Sunday, December 11, 2016


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Have you ever been introduced to someone whose name doesn’t seem to work? When something about the combination of first and last names doesn’t sound good together? I have and it’s jarring. I went to school with a John John and in yesterday's obituaries here were a Thomas Thompson and a Bob Olive. All I can say is, “Why?” For writers, characters’ names should be as important as they are to prospective parents. A good name gives a character hint. Due diligence is required.

I rooted through Google and came up with some interesting articles. For example: according to the website, the most hated boy’s names in America are Jayden, Brayden, Hayden, Aiden, Kayden, Madison and Addison, and Nevaeh is the name most “likely to put people’s teeth on edge.” Nevaeh is what is known as a trope—that is, “a concept audiences will recognize and understand instantly.” A trope can be a plot trick, a setup, a narrative or linguistics structure or, in this case, a character type because Nevaeth is heaven spelled backwards. The name was non-existent in the 1990s but came into popularity in 2003.

The most disliked girl’s names are Mackenzie, McKenna and Makayla. Makayla sounds made up--as though the bearer came from a low-income family or one of low socioeconomic status. It’s a good trope for a writer but might well handicap the possessor’s future.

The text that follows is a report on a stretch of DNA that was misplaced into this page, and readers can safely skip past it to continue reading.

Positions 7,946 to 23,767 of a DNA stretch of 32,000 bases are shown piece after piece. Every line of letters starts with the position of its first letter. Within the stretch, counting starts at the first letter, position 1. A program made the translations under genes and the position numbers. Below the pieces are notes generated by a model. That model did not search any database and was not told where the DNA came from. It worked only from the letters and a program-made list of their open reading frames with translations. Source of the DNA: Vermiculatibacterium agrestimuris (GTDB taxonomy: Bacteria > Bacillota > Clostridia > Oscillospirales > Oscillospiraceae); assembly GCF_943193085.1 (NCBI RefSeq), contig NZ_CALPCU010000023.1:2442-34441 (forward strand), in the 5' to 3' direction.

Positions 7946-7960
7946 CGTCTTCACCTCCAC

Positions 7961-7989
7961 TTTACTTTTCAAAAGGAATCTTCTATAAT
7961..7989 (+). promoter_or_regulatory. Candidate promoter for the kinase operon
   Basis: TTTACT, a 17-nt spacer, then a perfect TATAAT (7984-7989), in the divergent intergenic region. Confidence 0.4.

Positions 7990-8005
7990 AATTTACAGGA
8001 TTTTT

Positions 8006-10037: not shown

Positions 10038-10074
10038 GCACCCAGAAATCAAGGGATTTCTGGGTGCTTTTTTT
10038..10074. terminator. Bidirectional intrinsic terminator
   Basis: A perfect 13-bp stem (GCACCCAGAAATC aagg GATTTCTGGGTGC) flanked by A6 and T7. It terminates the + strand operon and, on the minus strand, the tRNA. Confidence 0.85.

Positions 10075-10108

People also don’t like names which imply virtue, such as Destiny and Hope or those that hint at violence, such as Hunter. Michael is considered boring and Bentley smacks of being a brand name.

Mystery writer, Elizabeth Sims, has seven rules for chose characters’ names:

1.      Check the root meanings. For example, Theodore means “gift of God.” Book buyers are smart.

2.      Get your era right. The TV show, Dynasty may have given us the name Crystal (Krystle) but it wasn’t common before then.

3.      Say them out loud or use a test-to-speech software service such as Readplease to hear how a name sounds. Readplease has a free version.

4.      Manage your cast by using names of varying syllables and which start with different letters.

5.      Alliteration can be useful but should be used sparingly; consider Severus Snape.

6.      Be sure foreign names and a character’s nationality match.

Other tips: avoid names that are awkward in the possessive form, such as Ross, or have a spelling that will trick Word’s spellcheck; names can tell the reader something about the character; be consistent, i.e. use the name or the nickname but don’t jump back and forth;  avoid middle names. There might be many Karla Stover(s) but one person with the name, Karla Ann Stover could sue.

The website, suggests using a name generator, which I did.  For men, I got Victor Cancel, Connor Lilly, and Alfred Charm. Suggested names for women included, Harper Rekdal, Lolita Adams, and Kennedy Avignone. Yikes! Those are just wrong.

                  A Line To Murder (A Puget Sound Mystery Book 1) by [Stover, Karla]